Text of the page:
Tips for Riding a Motorcycle Safely in a Group

Riding a motorcycle with other people is not the same as riding alone. When there are more motorcycles on the road, there are greater safety concerns. On the other hand, motorcycle group riding can be a lot of fun if you take the necessary precautions.

Following are some practical tips for a safe and enjoyable group ride:

  • Be prepared by learning a dozen or so essential hand signals which help you communicate during the ride. These also help to keep the group safer, ensure that everyone stays together, and helps keep the group stress-free while on the road.
  • Hold a riders’ meeting and arrive on time with a full fuel tank. Discuss the route, rest, and fuel stops, as well as hand signals. Assign a sweep rider and a lead rider. Both should be experienced riders who understand how to ride in a group. Before the trip, the leader should know each rider’s ability level and watch them during the journey.
  • Keep the group to a manageable number of riders, ideally five to seven. If necessary, divide the group into smaller sub-groups with a lead and sweep rider, separated by seconds.
  • Be well-prepared for your ride. Each group should have at least one rider with a first-aid kit and a full tool kit, and all riders should carry a cell phone so that the group is prepared for any situation.
  • Ride in a formation on the highway where the leader is on the left side of the lane, the next rider on the right side, behind the first one, the third on the left side behind the second one, and so on. Additionally, try not to change positions. Ensure each rider has adequate time and space to maneuver and respond to risks due to the staggered riding formation, which provides an appropriate spacing cushion between motorcycles. On a curved route, in bad visibility or on poor road surfaces, entering/leaving highways, or in other scenarios where more space cushion or maneuvering room is necessary, a single-file formation with a minimum 2-second following distance is preferred.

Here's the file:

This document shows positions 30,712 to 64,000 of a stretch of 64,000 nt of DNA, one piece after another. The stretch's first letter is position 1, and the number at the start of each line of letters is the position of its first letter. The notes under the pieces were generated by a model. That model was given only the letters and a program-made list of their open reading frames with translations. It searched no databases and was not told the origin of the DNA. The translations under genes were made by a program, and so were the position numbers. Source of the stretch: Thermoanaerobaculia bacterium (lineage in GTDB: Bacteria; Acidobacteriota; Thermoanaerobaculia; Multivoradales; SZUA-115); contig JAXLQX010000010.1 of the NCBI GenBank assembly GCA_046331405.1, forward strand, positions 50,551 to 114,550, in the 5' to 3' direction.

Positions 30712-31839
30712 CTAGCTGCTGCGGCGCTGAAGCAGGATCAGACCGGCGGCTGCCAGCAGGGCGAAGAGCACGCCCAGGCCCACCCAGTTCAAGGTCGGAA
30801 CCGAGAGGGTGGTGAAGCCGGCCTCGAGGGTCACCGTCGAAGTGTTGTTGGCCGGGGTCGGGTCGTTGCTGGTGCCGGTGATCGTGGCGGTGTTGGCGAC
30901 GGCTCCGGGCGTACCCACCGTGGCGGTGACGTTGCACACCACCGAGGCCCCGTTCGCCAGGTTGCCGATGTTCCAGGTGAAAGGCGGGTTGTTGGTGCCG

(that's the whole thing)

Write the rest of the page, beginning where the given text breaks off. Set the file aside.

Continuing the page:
• Avoid side-by-side formations because they limit the spacing cushion.
  • Use your rearview mirrors to check for oncoming bikers regularly. Slow down if you observe a rider falling behind so they can catch up. If everyone in the group follows this process, the group should keep a reasonably consistent speed without feeling compelled to ride too fast to catch up. If you pass other vehicles, start with the leader, and pass the vehicle one at a time.
  • Don’t be worried if you become separated from the group. Your group should have a pre-determined strategy for regrouping. To catch up, don’t break the law or ride above your abilities.
  • If you have a mechanical or medical problem, use your cell phone to call for help as needed.
  • If a rider exits during the ride, the group’s remaining members should criss-cross into the next vacant position to re-form the staggered formation. Although moving up the column right behind the missing rider may appear to be more efficient, we do not recommend it because passing another rider within a lane can be dangerous.

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